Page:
Gordon does a rather complete job of generating a manual for prayer, and in this way he covers many bases in order to allow the general public an ability to have a greater appreciation and practice of prayer. Gordon’s writing style is such that he uses a lot of figurative statements and long or contemplative analogies to give depth to the subject of prayer, and in this way for example he writes that, “Begrudged money, stained money, soils the treasury.”[43] The style that Gordon thus uses to deliverer his message on prayer over the course of the book is a style that takes, “deep thinking” and meditation instead of superficial investigation over the content of the text.

The point is that for Gordon prayer is not exactly a simple subject, and the fact of the matter is that Gordon’s book goes into an extreme depth in describing what goes wrong, how people should relate to God, and how to pray better. The great value of the text is that it utilizes the method of mediation upon the scripture as the bases for generating a elaborate set of models in order to put them all into a system in order that Gordon was able to make a book that also utilized examples from common life to exemplify his point. The point is that Gordon’s work really does have much of the same structure and methods of a New Testament epistle written by Paul the apostle of Christ.

On a theological point however one must be careful or aware of some of the positions that Gordon holds concerning man’s fundamental relationship to God. In Gordon’s book he mentions that a battle exists between thousands of spiritual beings,[44] and he relies greatly upon the concept of personal choice of man to dictate future action that God has indeed purposed through foreknowledge. The point to make is that he does not hold to the view that God has determined our choices without giving us options, and in this way he would not be in favor of grace that cannot be resisted. One could argue against Gordon’s position that the revelation of Jesus Christ when Paul was on the road to Damascus (Acts 26:12-18) actually shows that grace is not able to be resisted because Paul was on the road to kill Christians and Christ appeared in some way and not only showed him the right way but also commissioned him at the very same time to go to the Jews and to turn them from the power of Satan instead to the power of God. The idea is that God can and will break through even the most rebellious people and cause them freedom and to understand the truth and to do even the greatest acts of Christian service. Despite what Gordon might think, a person need not pray to God for the conversion of people in order that they may be persuaded to the truth, but instead God can outright convert them as a result of sacrifice through prayer such as in the example of Paul showing approval as Steven was being stoned while Steven prayed while Paul was seeing it all happen.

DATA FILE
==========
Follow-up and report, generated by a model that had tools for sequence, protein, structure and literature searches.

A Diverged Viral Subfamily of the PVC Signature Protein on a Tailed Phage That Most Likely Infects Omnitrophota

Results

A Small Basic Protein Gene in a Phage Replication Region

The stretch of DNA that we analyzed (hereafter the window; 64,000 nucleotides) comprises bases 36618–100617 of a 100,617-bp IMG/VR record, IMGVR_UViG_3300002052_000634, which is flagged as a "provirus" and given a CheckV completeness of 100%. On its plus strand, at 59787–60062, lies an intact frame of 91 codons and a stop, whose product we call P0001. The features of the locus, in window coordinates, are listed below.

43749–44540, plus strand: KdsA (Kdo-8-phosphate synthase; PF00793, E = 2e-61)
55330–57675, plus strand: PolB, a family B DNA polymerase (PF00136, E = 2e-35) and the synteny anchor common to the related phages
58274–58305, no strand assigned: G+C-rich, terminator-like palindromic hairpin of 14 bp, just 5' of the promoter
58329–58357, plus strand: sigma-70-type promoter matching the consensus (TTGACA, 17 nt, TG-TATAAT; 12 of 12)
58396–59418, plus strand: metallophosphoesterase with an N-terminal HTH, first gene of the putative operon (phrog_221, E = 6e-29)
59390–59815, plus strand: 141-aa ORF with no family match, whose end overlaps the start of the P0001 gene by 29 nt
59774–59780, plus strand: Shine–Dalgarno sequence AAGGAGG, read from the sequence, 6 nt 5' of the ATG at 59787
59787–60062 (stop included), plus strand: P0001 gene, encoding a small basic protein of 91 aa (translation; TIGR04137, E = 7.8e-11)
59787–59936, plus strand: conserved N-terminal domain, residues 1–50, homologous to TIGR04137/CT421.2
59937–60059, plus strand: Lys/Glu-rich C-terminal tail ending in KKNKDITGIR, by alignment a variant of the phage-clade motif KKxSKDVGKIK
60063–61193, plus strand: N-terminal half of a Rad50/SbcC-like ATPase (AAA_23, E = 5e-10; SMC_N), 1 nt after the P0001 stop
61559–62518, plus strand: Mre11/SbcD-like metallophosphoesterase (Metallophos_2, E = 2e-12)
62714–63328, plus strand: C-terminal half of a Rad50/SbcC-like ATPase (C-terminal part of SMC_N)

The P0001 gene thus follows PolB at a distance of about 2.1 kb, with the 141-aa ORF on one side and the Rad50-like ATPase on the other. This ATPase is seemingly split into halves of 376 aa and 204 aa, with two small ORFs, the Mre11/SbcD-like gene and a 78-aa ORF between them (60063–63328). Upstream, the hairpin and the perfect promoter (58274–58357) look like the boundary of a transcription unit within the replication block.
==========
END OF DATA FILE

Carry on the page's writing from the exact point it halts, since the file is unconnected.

Personal Application